The private, for profit, sector is mainly providing ambulatory care existence of traditional medicine along with allopathic medicine. Basic health service is one of the essential components of rural health development scheme. Access to health care for 70% of country population residing in rural areas has been improved through the expansion of health manpower in terms of basic health staffs and voluntary health workers, i.e. community health workers and auxiliary midwives. The outreach services include cataract surgery, reconstructive surgery and general medical and surgical services provided by teams of physicians and surgeons from central, state and divisional hospitals and Eye and ENT hospitals.

ranging from hospital care, outpatient services, prescription drugs (including homeopathic products), thermal cures in spas, nursing home care, cash benefits, and to a lesser extent, dental and vision care. The health system is noted for its high level of freedom for physicians and choice for patients, pluralism in the provision of health services, easy access to health care for most people and, except for some specialties in certain parts of the country, the absence of waiting lists for treatment.

HEALTH POLICIES AND PROGRAMS


FEATURE FRANCE MYANMAR

PROGRAMS OR LAWS RELATED TO HEALTH CARE

Public health policy and practice in France involves many actors and sources of funding, which leads to lack of cohesion among the actors and diluted responsibilities. In March 2003, a new bill was proposed setting out a comprehensive legislative framework for public health policy that developed strategic plans in designated priority areas and established a framework of objectives and targets. the 1999 Universal Health Coverage Act (CMU) has been a major reform. this reform explicitly aims to increase access and, consequently, health care expenditure, for people on low incomes. Decentralization at the regional level has also raised the issue of regional inequalities and some steps have been taken to reduce them, particularly in the hospital sector.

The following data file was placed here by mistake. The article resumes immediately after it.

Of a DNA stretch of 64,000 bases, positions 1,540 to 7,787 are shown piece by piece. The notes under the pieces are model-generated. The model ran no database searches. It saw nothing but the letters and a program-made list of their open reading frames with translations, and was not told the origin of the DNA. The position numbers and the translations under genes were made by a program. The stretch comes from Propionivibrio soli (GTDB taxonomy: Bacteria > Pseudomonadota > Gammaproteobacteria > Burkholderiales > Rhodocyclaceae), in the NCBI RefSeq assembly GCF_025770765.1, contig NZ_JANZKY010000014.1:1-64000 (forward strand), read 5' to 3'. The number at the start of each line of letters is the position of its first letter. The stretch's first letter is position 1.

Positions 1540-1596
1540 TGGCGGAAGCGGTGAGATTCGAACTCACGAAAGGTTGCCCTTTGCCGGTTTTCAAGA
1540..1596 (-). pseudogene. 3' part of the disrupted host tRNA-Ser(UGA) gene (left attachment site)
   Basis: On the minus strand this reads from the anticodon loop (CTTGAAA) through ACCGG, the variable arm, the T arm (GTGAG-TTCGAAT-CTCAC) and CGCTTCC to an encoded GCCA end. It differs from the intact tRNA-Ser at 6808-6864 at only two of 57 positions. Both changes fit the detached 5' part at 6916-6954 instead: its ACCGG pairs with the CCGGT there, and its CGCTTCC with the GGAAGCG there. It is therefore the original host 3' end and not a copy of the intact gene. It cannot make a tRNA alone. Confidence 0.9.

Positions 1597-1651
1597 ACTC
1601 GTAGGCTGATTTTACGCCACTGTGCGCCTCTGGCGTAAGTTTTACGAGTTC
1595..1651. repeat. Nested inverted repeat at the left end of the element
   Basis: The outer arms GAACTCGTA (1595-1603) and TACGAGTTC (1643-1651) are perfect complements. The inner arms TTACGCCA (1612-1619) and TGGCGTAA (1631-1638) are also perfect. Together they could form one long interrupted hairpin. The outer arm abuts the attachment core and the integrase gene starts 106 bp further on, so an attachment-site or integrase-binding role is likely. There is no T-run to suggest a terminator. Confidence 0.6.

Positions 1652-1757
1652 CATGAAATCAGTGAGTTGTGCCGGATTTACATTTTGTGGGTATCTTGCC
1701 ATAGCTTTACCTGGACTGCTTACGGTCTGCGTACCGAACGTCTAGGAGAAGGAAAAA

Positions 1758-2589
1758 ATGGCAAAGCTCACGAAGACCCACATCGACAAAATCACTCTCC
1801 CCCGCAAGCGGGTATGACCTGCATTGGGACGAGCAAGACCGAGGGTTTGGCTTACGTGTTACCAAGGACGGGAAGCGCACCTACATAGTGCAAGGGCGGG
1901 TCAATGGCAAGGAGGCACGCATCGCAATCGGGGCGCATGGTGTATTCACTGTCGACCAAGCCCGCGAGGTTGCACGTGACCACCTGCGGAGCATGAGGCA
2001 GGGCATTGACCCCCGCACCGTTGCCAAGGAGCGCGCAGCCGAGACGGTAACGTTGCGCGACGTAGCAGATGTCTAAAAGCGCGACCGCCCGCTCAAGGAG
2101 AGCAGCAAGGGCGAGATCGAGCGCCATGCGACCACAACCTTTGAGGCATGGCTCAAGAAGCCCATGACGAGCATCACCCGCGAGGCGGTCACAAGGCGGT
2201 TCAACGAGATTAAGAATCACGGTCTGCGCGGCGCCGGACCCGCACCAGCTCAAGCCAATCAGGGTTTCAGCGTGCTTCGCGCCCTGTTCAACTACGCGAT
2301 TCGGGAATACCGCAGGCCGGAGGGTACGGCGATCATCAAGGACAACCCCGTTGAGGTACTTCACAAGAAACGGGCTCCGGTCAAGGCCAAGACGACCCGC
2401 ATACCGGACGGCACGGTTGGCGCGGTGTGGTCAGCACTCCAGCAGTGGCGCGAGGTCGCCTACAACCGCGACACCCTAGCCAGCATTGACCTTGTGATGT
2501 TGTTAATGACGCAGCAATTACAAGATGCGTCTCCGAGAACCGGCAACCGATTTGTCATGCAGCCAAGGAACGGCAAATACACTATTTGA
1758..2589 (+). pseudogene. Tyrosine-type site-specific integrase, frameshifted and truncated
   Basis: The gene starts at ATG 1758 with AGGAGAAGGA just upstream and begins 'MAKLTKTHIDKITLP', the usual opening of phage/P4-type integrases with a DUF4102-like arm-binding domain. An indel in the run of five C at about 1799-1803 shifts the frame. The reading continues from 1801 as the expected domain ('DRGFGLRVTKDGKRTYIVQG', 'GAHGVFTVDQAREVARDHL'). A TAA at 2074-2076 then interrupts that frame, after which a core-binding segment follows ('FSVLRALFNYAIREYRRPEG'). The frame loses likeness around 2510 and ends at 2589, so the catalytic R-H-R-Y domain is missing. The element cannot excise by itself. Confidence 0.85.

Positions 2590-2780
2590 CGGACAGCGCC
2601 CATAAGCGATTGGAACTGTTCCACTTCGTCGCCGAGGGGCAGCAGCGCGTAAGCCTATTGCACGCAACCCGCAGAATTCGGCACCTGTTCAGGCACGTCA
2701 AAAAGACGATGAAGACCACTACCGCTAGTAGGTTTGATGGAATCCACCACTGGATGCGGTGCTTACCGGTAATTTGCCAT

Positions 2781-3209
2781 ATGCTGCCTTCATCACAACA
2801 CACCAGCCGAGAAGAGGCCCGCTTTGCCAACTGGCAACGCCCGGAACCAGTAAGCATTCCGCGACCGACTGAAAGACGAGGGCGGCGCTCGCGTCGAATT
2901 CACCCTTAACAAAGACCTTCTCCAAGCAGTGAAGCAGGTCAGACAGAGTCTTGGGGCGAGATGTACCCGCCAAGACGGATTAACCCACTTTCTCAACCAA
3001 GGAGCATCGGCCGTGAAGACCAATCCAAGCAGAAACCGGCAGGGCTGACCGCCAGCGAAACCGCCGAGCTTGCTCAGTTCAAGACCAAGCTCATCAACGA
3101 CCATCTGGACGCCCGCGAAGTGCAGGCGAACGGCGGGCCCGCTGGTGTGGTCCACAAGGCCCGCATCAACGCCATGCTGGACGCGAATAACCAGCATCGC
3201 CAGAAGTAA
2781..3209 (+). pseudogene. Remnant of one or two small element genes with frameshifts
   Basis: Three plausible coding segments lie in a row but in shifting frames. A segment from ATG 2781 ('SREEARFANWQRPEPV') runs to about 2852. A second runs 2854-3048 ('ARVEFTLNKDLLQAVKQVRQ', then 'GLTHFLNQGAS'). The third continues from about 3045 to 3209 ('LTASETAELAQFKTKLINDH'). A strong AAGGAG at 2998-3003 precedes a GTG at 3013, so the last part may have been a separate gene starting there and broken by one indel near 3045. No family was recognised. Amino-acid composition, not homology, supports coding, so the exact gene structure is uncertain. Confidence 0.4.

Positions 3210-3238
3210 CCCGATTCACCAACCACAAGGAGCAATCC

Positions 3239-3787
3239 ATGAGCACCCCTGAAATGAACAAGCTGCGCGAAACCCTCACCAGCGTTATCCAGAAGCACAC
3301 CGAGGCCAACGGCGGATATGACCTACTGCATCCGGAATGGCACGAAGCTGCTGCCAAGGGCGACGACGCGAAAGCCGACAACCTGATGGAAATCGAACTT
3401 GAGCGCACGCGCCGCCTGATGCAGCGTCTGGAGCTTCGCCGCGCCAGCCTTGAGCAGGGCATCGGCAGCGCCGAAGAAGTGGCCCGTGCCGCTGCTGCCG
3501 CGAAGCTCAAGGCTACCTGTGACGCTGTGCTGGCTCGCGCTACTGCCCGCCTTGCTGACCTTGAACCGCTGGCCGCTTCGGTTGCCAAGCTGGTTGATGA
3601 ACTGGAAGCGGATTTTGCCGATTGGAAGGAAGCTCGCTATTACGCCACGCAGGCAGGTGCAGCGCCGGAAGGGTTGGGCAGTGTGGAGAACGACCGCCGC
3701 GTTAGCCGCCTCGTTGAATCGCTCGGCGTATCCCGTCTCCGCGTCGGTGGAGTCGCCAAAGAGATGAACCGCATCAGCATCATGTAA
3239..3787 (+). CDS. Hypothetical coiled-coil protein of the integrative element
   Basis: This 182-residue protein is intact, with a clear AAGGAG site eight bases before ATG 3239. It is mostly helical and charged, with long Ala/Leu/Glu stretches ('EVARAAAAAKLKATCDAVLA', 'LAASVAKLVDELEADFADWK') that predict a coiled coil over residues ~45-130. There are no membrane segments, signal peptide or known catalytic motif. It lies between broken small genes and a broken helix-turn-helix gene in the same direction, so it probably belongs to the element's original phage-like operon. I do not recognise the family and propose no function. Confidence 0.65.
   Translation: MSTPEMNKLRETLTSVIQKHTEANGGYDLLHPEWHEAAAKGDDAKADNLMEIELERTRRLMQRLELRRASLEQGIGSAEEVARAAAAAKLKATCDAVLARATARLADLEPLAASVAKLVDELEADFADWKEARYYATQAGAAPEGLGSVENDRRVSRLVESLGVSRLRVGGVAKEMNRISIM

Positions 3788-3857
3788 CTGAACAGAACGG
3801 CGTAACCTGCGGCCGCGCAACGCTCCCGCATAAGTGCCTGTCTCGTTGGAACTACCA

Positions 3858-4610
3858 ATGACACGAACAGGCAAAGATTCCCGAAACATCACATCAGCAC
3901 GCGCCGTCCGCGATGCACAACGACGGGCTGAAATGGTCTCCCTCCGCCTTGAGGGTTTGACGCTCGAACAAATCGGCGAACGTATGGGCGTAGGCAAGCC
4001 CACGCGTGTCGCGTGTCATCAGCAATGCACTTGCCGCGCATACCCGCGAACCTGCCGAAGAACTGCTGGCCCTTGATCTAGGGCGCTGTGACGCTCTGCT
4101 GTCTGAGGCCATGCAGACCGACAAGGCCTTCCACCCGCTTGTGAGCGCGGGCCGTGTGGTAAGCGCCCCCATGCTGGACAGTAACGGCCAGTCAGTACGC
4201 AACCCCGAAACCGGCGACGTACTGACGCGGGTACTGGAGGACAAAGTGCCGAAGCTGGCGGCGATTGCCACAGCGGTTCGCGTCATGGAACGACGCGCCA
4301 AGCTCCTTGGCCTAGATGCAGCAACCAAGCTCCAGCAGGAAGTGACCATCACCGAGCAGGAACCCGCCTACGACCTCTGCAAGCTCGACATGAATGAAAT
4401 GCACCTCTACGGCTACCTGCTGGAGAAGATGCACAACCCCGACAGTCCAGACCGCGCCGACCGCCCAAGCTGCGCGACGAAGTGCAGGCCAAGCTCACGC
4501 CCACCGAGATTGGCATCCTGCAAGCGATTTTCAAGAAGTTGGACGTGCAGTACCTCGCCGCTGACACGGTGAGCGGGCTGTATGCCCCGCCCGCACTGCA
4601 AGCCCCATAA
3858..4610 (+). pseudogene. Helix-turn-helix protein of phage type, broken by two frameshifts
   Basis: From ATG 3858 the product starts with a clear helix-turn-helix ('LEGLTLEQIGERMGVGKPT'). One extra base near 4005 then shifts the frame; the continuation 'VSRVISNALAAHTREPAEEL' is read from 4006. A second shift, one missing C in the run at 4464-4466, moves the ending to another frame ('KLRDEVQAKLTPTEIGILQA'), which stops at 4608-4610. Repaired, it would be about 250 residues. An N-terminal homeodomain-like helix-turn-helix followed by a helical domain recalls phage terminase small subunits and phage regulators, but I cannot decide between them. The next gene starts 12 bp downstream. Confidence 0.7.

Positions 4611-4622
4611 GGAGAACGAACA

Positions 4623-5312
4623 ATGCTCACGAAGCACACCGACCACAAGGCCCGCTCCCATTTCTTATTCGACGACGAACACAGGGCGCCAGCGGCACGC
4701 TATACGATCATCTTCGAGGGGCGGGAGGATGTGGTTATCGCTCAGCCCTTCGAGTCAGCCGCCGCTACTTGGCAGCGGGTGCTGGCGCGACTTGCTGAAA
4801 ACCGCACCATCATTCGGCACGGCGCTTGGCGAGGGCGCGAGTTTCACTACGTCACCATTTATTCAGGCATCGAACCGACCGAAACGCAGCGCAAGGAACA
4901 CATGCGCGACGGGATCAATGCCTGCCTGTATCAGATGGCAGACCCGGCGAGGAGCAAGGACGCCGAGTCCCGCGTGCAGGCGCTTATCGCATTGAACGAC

managed by the National Health Committee The National Health Policy was developed with the initiation and guidance of the National Health Committee in 1993. The National Health Policy has placed the Health For All goal as a prime objective using Primary Health Care approach. The National Health Policy is described here under: 1. To raise the level of health of the nation and promote the physical and mental well-being of the people with the objective of achieving HFA goal using the primary health care approach. 2. To follow the guidelines of the population policy formulated in the country. 3. To produce sufficient as well as efficient human resources for health locally in the context of the broad framework of a long-term health development plan.

cost containment policies addressed both the demand side (often by raising co-payments) and the supply side (hospital planning, limitation of the number of medical students, price control). The 1999 CMU Act was passed in spite of the likelihood that it would increase demand for health care, illustrating that the objective of equity has taken precedence over cost containment. CMU should stimulate demand for health care because it lowers financial barriers to access, not only by extending basic coverage to all French residents, but also by exempting those with the least resources from direct payment of costs and giving them free access to complementary VHI ( Voluntary Health Insurance ) MAJOR HEALTH POLICY

4. To strictly abide by the rules and regulations mentioned in the drug laws and byelaws which are promulgated. 5. To augment the role of cooperative, joint ventures, private sector and nongovernmental organisations in delivering health care in view of the changing economic system. 6. To explore and develop an alternative health care financing system. 7. To implement health activities in close collaboration and also in an integrated manner with related ministries. 8. To promulgate new rules and regulations in accordance with the prevailing health and health related conditions as and when necessary. 9. To intensify and expand environmental health activities including prevention and control of air and water pollution. 10. To promote national